Unprecedented Hostility at Texas Bill Signing: A Battle for Women’s Rights in Sports

In a shocking display of hostility, former NCAA Division 1 athletes Riley Gaines and Paula Scanlan were among those targeted by aggressive protesters during the ceremonial signing of the “Save Women’s Sports Act” in Texas.

The event, held at the Texas Women’s Hall of Fame at Texas Woman’s University in Denton, was marred by the unruly behavior of the protesters who spat at and threw items at the attendees.

The bill, previously signed into law in June, was ceremonially signed again by Texas Governor Greg Abbott, with Gaines and Scanlan standing in support.

However, the celebration was overshadowed by the disturbing actions of the protesters. Michelle Evans, leader of the Independent Women’s Network’s Austin chapter, described the crowd as “rabid” after she was assaulted while observing the protest.

Gaines, host of the OutKick podcast “Gaines for Girls,” shared her observations of the protest with Fox News Digital.

She noted that despite the attempts of the protesters to tarnish the event, the signing of SB 15, which protects female collegiate athletics, was a significant victory. Gaines praised Governor Abbott’s leadership and expressed hope that more states would follow Texas’ example.

The protest escalated to alarming levels, with bottles being thrown, profanity being yelled at children, and protesters spitting in people’s faces.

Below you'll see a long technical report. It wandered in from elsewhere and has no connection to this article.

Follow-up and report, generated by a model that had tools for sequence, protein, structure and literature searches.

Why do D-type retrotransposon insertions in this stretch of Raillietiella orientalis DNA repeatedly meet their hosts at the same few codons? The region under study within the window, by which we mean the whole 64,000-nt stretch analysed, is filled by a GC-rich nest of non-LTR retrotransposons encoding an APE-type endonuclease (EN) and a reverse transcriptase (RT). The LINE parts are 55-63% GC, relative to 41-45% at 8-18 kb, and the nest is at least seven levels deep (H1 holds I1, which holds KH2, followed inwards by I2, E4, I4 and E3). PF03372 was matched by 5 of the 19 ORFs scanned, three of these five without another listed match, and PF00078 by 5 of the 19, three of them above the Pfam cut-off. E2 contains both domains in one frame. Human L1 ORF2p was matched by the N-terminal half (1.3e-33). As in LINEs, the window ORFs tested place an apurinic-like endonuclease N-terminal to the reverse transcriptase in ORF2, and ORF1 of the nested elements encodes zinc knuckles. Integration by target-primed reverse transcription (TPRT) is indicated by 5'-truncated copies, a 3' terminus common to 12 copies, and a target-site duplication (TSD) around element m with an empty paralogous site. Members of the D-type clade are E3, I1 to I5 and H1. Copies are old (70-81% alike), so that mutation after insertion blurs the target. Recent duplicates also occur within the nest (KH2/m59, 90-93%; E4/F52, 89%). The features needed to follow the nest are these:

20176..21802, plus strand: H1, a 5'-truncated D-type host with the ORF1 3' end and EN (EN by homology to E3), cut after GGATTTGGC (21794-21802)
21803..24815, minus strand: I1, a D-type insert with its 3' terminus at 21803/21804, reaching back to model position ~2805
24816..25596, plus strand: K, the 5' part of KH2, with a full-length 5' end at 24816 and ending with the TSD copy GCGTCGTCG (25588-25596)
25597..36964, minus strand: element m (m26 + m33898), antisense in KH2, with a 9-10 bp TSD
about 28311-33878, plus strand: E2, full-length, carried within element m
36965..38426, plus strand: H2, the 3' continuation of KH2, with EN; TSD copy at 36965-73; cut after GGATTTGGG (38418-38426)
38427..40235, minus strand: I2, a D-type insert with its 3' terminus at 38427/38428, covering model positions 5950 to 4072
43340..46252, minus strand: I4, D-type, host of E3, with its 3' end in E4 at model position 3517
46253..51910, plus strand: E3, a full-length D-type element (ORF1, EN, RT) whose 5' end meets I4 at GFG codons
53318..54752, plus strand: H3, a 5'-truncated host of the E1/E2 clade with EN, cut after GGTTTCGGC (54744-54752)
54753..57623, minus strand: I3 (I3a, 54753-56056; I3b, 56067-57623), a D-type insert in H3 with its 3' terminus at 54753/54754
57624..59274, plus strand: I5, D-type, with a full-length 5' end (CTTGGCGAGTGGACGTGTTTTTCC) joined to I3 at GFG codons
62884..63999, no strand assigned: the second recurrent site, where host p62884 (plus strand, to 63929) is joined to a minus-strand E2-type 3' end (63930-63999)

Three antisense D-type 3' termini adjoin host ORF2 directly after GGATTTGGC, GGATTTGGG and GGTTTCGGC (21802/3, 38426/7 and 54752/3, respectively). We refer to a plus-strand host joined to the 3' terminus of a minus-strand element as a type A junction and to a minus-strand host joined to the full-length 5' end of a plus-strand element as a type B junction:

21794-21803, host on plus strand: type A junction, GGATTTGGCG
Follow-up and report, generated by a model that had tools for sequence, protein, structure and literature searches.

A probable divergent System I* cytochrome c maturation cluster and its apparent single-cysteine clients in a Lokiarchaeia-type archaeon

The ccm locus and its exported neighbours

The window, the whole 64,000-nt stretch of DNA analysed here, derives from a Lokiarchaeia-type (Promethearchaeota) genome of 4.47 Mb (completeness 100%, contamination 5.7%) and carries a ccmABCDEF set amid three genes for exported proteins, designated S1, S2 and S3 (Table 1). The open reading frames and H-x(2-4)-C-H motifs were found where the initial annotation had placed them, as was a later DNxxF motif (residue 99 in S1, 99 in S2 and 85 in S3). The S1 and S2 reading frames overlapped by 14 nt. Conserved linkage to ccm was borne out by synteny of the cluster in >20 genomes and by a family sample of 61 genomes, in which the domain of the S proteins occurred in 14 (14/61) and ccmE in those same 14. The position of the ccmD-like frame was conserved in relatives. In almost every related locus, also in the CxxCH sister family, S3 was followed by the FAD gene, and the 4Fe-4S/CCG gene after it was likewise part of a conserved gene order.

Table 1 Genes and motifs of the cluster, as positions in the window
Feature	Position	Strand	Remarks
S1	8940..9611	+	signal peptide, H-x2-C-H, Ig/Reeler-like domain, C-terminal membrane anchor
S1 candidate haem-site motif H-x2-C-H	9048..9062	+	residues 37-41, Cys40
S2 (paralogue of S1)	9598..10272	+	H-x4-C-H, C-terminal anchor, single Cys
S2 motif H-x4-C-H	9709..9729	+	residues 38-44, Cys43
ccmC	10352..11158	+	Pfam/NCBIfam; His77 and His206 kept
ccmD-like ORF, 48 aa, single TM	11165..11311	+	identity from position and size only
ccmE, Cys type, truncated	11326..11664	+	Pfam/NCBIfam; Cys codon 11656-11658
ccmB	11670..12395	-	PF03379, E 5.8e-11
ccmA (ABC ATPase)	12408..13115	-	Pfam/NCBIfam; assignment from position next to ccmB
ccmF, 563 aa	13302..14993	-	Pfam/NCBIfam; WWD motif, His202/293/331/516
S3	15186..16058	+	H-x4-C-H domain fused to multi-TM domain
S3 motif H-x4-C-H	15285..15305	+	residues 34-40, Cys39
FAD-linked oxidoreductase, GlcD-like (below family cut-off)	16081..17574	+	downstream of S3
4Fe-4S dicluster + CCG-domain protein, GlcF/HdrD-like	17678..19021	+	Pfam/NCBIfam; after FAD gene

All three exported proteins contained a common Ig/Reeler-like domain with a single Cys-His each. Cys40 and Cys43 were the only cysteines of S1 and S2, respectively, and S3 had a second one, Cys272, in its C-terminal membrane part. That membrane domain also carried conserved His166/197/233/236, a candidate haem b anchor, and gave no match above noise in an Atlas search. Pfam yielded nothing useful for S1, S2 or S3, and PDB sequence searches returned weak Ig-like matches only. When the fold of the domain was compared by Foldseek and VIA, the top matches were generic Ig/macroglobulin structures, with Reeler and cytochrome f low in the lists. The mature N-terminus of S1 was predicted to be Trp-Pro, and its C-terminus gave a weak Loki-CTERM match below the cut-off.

Law enforcement had to step in to provide protection. Paula Scanlan, a former swimmer from the University of Pennsylvania, shared on social media that protesters blocked exits and were “spitting and yelling.”

Despite the chaos, Scanlan managed to exit the event safely and remained hopeful about the progress made in Texas.

Michelle Evans recounted a particularly disturbing incident where she was physically blocked from reentering the building, had water thrown at her, and was threatened by a protester who claimed to know where she lived.

A woman in a pink ski mask and sunglasses even spat into her open eye. Evans reported the assault to law enforcement, leading to the apprehension of a suspect who was issued a citation for misdemeanor assault.

Evans expressed deep concern over the treatment of young girls who attended the signing. As they were escorted out by their mothers and police officers, protesters got in their faces, screaming and harassing them.

This frightening experience was described by Evans as “out of control.”

Governor Abbott, when asked about the protests, expressed his disappointment that the protesters could not peacefully listen to what Paula and Riley had to say. He emphasized that no one should have to go through such an ordeal and vowed to ensure it does not happen again.

The “Save Women’s Sports Act,” or SB 15, follows similar legislation signed by Abbott in 2021 requiring public school teams in Texas to be designated by students’ sex assigned at birth.

With at least 20 states passing similar laws, SB 15 is seen as a positive step towards ensuring women’s rights in sports. However, as Evans pointed out, there is still a long way to go.

The fight for women’s rights continues, and the events in Texas serve as a stark reminder of the challenges that lie ahead.